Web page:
A modest midday slump in the S&P 500 devolved into a late blood-bath after the Fed’s meeting minutes suggested interest rate hikes could be coming a whole lot sooner than many investors expected. That’s all it took to rain on the bull’s parade and send previously confident owners scrambling for the exits.
As I wrote yesterday evening, I was comfortable with the market’s recent price action. That even carried over to this morning’s modest slump. Everyone knows we cannot go up every single day and red days are a normal and healthy part of every move higher.
But that changed Wednesday afternoon when normal and healthy took a sharp turn into panic. While I was comfortable a few hours earlier, when conditions change, my outlook changes along with it. Only stubborn traders dig in and ignore the evidence in smacking them in the face. And luckily, I’m not one of them.
I came into Wednesday with sensible trailing stops spread across the lower to mid 4,700s to protect my profits “just in case”, but I was already pulling the plug on some of those positions long before those stops got hit. As easy as it is to buy back in, there is no reason to stick around when the tide so obviously starts turning against us. When the panic selling hits, I want to be one of the first to get out, not one of the last. And that means acting early and decisively.
Does Wednesday’s dip stand any better chance of succeeding than all of the other aborted selloffs the market shrugged off last year? Probably not. But as nimble traders, why do we need to pick sides? As easy as it is to jump out and get back in, why would anyone want to ride through a near-term dip if they didn’t have to?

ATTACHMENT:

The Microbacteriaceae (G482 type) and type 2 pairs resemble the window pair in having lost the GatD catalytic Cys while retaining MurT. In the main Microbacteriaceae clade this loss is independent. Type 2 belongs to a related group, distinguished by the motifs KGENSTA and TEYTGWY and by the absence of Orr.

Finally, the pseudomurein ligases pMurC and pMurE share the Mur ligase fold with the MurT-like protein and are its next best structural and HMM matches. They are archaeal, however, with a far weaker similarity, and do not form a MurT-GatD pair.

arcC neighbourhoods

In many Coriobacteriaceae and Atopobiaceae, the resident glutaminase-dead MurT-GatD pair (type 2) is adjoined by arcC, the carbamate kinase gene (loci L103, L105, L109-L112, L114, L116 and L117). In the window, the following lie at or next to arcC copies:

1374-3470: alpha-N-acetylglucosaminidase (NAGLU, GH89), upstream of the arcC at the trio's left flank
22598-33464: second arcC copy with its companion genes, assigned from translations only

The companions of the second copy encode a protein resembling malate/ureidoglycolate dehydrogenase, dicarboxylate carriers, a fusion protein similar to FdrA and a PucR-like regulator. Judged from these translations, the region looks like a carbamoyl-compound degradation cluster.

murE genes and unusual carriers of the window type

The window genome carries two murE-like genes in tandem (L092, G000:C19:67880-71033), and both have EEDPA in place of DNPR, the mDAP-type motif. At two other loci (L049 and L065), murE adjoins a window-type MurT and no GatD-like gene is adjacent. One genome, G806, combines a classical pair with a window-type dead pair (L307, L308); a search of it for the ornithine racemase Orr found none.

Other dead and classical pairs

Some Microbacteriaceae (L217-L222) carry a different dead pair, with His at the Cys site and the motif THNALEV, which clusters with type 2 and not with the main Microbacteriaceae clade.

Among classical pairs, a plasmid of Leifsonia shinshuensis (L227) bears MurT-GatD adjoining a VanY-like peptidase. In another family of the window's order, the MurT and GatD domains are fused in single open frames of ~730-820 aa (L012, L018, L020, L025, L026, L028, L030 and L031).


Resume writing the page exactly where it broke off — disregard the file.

Sell and see what happens from the safety of the sidelines is how I’m approaching this. If prices bounce Thursday, great, I’m getting back in. No harm, no foul. But if the selloff continues, even better, I wait for the next bounce and buy at even lower prices. That’s a win-win in my book.
Wednesday’s bloodletting extended to Bitcoin as cryptocurrency proves to be a follower and is nothing close to the alternative asset class proponents claimed it would be. If equities continue selling off Thursday and Friday, expect the carnage to take Bitcoin down with it.
But none of this should surprise readers. As I’ve been saying for a while, Bitcoin isn’t buyable until either it bounces off of $40k support or gets above $50k resistance. Until then, it is a no-touch.
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Jani Ziedins (pronounced Ya-nee) is a full-time investor and financial analyst that has successfully traded stocks and options for nearly three decades. He has an undergraduate engineering degree from the Colorado School of Mines and two graduate business degrees from the University of Colorado Denver. His prior professional experience includes engineering at Fortune 500 companies, small business consulting, and managing investment real estate. He is now fortunate enough to trade full-time from home, affording him the luxury of spending extra time with his wife and two children.